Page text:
The arrival of harvest season brings to mind carving pumpkins and baking pumpkin pies. While you’re designing jack-o’-lanterns or digging into your favorite pumpkin recipe, entertain family and friends with these pumpkin facts:
- The word pumpkin comes from the Greek word “pepon,” which means large melon. Pumpkins are native to the Americas.
- More than 1.3 million pounds (589,700 kg) of pumpkins were produced in the U.S. in 2014, according to the U.S. Department of Agriculture. This crop was valued at more than $145 million.
- A single pumpkin vine can grow up to 30 feet (9 meters) in length and contains both male and female blossoms. The male blossoms attract bees, which are necessary for pollination of the female blooms.
- According to Guinness World Records, the record for the heaviest pumpkin was set in 2010 with a pumpkin that weighed 2,323 pounds (1,054 kilograms). The record for the largest pumpkin pie, also set in 2010, was
(1,678 kilograms). The record for the fastest carving of a jack-o’-lantern was 16.47 seconds and was set in 2013.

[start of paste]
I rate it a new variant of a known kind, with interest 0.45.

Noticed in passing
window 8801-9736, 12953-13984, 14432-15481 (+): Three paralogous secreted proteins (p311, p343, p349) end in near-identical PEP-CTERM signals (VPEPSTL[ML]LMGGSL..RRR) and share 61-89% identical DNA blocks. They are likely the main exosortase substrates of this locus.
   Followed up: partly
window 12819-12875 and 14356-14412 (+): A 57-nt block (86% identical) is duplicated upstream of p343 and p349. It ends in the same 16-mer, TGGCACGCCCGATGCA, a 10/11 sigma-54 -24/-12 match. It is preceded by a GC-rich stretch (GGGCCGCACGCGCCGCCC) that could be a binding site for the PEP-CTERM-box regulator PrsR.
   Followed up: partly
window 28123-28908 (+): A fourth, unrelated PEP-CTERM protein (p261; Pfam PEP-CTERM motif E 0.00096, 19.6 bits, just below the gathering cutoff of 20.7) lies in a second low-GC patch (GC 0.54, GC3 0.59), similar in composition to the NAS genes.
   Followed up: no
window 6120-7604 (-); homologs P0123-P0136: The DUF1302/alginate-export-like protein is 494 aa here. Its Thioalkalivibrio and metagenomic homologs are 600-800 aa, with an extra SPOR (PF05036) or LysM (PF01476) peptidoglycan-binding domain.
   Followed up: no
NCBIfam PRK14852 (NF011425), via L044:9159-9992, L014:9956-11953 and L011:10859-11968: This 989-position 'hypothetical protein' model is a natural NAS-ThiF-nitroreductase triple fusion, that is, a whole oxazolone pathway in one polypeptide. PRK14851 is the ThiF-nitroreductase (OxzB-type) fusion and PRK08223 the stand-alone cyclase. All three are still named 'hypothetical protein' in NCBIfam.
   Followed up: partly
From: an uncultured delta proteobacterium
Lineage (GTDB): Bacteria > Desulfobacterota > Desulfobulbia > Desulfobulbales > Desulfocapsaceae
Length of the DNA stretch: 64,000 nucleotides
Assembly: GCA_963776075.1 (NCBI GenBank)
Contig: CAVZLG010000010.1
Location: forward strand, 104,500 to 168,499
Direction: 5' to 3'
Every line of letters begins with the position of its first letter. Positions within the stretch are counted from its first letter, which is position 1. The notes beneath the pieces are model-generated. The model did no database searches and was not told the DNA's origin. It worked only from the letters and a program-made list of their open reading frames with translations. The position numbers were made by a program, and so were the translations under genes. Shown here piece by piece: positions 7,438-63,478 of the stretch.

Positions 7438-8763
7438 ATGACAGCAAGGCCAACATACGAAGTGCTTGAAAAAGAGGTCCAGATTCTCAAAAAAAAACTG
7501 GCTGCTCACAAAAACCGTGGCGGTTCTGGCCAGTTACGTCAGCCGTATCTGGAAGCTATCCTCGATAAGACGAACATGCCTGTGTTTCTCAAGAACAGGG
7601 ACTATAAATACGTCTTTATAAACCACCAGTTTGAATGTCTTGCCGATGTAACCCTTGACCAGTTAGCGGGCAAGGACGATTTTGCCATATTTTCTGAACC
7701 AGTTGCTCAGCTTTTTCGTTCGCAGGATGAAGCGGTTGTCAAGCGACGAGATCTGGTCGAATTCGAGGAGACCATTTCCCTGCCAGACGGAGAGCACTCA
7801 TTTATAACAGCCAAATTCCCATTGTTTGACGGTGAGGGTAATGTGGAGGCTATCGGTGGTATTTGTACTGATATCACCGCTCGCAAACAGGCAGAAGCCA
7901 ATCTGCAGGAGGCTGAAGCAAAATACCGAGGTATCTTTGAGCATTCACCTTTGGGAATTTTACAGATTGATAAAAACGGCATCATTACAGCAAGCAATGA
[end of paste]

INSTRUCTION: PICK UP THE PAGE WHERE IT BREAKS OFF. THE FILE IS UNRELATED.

- Starbucks’ pumpkin spice latte was released in fall of 2003. Although it has been a seasonal best seller, it contains no pumpkin. In August 2015, Starbucks announced it will change the recipe to include real pumpkin and no caramel coloring.
- Pumpkin is low in calories (about 80 for 1 cup puree). It’s a very good source of fiber, vitamins A and C, and the minerals iron, potassium and manganese. Pumpkin seeds are also a source of omega-3 fatty acids.
- The oil made from pumpkin seeds is possibly effective for symptoms caused by an enlarged prostate (benign prostatic hyperplasia).
- Pumpkins that are specifically grown for eating are smaller, sweeter and less watery than the larger, stringy pumpkins sold for carving.
- Pumpkin flowers, leaves and seeds are all edible.
- Pumpkin is a versatile ingredient. It can be made into a soup, sauce, puree, mash or custard (pie filling). It can be sauteed or roasted. It can be a main ingredient in pancakes, muffins and breads.
So as our attention turns to fall — and to pumpkins — why not eat more pumpkin and chew on some of these facts?
This post was copied from the Mayo Clinic’s post written by Jennifer K. Nelson, R.D., L.D.